Optical neural signal modeling & extraction
High-Speed Low-Light In Vivo Two-Photon Voltage Imaging of Large Neuronal Populations
Jelena Platisa, Xin Ye, Allison M Ahrens, Chang Liu, Ichun A Chen, Ian G Davison, Lei Tian, Vincent A Pieribone, Jerry L Chen
Nature Methods 20, 1095–1103 (2023).
⭑ Github Project
⭑ Spotlight: AI to the rescue of voltage imaging, Cell Reports Methods
Monitoring spiking activity across large neuronal populations at behaviorally relevant timescales is critical for understanding neural circuit function. Unlike calcium imaging, voltage imaging requires kilohertz sampling rates that reduce fluorescence detection to near shot-noise levels. High-photon flux excitation can overcome photon-limited shot noise, but photobleaching and photodamage restrict the number and duration of simultaneously imaged neurons. We investigated an alternative approach aimed at low two-photon flux, which is voltage imaging below the shot-noise limit. This framework involved developing positive-going voltage indicators with improved spike detection (SpikeyGi and SpikeyGi2); a two-photon microscope (‘SMURF’) for kilohertz frame rate imaging across a 0.4 mm × 0.4 mm field of view; and a self-supervised denoising algorithm (DeepVID) for inferring fluorescence from shot-noise-limited signals. Through these combined advances, we achieved simultaneous high-speed deep-tissue imaging of more than 100 densely labeled neurons over 1 hour in awake behaving mice. This demonstrates a scalable approach for voltage imaging across increasing neuronal populations.
Anatomical modeling of brain vasculature in two-photon microscopy by generalizable deep learning
BME Frontiers, vol. 2021, Article ID 8620932
Segmentation of blood vessels from two-photon microscopy (2PM) angiograms of brains has important applications in hemodynamic analysis and disease diagnosis. Here we develop a generalizable deep-learning technique for accurate 2PM vascular segmentation of sizable regions in mouse brains acquired from multiple 2PM setups. In addition, the technique is computationally efficient, making it ideal for large-scale neurovascular analysis.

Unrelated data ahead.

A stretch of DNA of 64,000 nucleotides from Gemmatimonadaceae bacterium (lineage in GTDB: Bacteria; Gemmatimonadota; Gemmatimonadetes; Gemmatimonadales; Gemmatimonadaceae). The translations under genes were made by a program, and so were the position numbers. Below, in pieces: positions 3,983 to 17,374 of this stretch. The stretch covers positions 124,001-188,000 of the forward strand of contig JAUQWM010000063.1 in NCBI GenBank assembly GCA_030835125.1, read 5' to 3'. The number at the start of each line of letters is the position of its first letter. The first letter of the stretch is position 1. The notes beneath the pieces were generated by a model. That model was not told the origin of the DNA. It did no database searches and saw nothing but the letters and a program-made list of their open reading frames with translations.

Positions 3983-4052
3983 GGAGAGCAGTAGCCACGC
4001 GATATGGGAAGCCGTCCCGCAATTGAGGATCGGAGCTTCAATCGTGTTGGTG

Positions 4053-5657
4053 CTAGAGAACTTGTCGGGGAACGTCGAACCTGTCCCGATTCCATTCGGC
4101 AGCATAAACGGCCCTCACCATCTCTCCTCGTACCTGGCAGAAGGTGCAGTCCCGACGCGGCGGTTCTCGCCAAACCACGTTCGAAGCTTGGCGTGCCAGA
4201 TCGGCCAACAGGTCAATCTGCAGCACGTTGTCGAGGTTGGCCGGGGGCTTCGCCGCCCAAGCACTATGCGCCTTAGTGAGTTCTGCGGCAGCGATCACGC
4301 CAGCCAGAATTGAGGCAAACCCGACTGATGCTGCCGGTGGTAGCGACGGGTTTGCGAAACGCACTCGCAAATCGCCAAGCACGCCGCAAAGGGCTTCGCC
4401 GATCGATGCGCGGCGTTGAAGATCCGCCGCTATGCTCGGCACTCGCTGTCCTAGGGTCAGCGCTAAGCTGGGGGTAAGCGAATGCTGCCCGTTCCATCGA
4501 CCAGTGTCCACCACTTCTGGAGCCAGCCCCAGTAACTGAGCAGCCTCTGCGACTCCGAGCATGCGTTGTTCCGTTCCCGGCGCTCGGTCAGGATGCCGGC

Comparing the fundamental imaging depth limit of two-photon, three-photon, and non-degenerate two-photon microscopy
Xiaojun Cheng, Sanaz Sadegh, Sharvari Zilpelwar, Anna Devor, Lei Tian, and David A. Boas
Opt. Lett. Vol. 45, Issue 10, pp. 2934-2937 (2020).
We have systematically characterized the degradation of imaging quality with depth in deep brain multi-photon microscopy, utilizing our recently developed numerical model that computes wave propagation in scattering media. The signal-to-background ratio (SBR) and the resolution determined by the width of the point spread function are obtained as functions of depth. We compare the imaging quality of two-photon (2PM), three-photon (3PM), and non-degenerate two-photon microscopy (ND-2PM) for mouse brain imaging. We show that the imaging depth of 2PM and ND-2PM are fundamentally limited by the SBR, while the SBR remains approximately invariant with imaging depth for 3PM. Instead, the imaging depth of 3PM is limited by the degradation of the resolution, if there is sufficient laser power to maintain the signal level at large depth. The roles of the concentration of dye molecules, the numerical aperture of the input light, the anisotropy factor , noise level, input laser power, and the effect of temporal broadening are also discussed.
Development of a beam propagation method to simulate the point spread function degradation in scattering media
Xiaojun Cheng, Yunzhe Li, Jerome Mertz, Sava Sakadžić, Anna Devor, David A. Boas, Lei Tian
Opt. Lett. 44, 4989-4992 (2019).
Scattering is one of the main issues that limit the imaging depth in deep tissue optical imaging. To characterize the role of scattering, we have developed a forward model based on the beam propagation method and established the link between the macroscopic optical properties of the media and the statistical parameters of the phase masks applied to the wavefront. Using this model, we have analyzed the degradation of the point-spread function of the illumination beam in the transition regime from ballistic to diffusive light transport. Our method provides a wave-optic simulation toolkit to analyze the effects of scattering on image quality degradation in scanning microscopy.